This closely mirrors what happens in the existing licensing system, where these expert bodies make recommendations to the local authorities and the licensing justices. However, what the amendments would do—I recognise that they are for the most part probing—would be to make a capacity limit compulsory in every case through its specification in the operating schedule or following the receipt by the licensing authority of relevant representations by the licensing authority deciding to impose a maximum occupancy for the premises. That would make the system unnecessarily arbitrary and burdensome.

We recognise that capacity limits are necessary for some premises. The present licensing justices and local authorities can attach capacity limits at their discretion. The system works, and the only complaints that we have received have come from nightclubs, which regard mandatory capacity limits as a way of defending the virtual monopoly on late night drinking that they currently enjoy. We are keen for there to be greater flexibility for licensed premises and for capacity limits to be imposed when they are necessary, but not otherwise. That is why the Bill will reproduce the system currently in place.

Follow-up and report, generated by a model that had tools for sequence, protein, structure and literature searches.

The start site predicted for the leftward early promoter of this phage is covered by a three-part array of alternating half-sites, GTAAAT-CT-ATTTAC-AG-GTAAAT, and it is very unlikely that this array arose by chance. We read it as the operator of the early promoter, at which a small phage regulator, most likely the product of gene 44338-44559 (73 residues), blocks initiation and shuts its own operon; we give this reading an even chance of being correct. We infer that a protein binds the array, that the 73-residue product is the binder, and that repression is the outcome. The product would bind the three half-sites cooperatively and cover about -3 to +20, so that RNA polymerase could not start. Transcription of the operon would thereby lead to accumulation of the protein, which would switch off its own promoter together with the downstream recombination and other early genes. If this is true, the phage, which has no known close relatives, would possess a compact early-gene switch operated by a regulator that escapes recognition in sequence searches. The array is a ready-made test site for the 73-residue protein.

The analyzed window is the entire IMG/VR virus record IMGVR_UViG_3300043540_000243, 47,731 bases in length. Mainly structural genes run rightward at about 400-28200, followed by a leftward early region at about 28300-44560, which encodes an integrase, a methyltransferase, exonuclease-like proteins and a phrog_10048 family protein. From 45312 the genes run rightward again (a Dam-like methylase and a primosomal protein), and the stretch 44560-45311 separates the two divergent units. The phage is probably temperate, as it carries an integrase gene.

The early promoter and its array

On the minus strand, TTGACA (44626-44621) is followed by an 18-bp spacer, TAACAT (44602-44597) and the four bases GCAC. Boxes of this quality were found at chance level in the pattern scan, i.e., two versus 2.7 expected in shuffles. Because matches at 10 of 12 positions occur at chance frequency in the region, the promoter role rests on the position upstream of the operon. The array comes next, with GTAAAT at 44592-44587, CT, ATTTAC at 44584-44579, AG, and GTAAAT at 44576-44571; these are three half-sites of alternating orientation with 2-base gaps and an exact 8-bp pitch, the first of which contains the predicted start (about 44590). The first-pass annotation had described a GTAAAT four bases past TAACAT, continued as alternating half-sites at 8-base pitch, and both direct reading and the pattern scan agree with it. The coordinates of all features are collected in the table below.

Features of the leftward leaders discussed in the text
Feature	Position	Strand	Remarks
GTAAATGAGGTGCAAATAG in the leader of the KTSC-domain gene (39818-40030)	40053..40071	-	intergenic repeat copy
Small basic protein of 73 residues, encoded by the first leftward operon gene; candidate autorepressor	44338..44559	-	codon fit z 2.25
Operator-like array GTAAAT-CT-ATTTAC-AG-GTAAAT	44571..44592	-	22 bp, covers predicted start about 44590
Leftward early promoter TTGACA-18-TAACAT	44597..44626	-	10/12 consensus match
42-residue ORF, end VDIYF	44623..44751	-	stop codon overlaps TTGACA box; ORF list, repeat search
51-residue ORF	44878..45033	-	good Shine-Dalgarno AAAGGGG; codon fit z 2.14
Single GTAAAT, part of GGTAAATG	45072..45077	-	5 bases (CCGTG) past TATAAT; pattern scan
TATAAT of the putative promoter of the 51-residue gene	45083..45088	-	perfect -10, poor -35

We should also be clear that, in most cases, the places will already have capacity limits in force under existing fire certificates. If a fire certificate includes certain conditions, it would be unnecessary to reproduce them in a premises licence. If a fire certificate were granted for premises when their future use for licensable activity was not known, the licensing authority and fire authority may wish to impose a new capacity limit that would apply at any time when the licensable activity is taking place. That is why we are allowing licensing authorities to impose capacity limits when they are necessary.

I should tell my noble friend Lord Clarke that no mandatory capacity figure is imposed on nightclubs under current licensing law. Such conditions are imposed under the discretion of the licensing authority, so nothing will change, but the licensing authority will seek the advice of health and safety experts and the fire authority when necessary. We

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should not lose sight of the fact that health and safety at work regulations require employers to assess the risk for their workers and others, including customers, who may be affected by their business, and identify what measures are needed to reduce or control the risks. That assessment might well include some consideration of the risk of overcrowding in premises, and ways in which that risk can be controlled.

The Bill is intended to be flexible. Licensing authorities will be able to attach capacity limits as conditions of licences when it is thought that expert opinion believes that it is necessary and given the other controls in place. In the light of what I have said, I hope that the noble Lord will feel able to withdraw his amendment.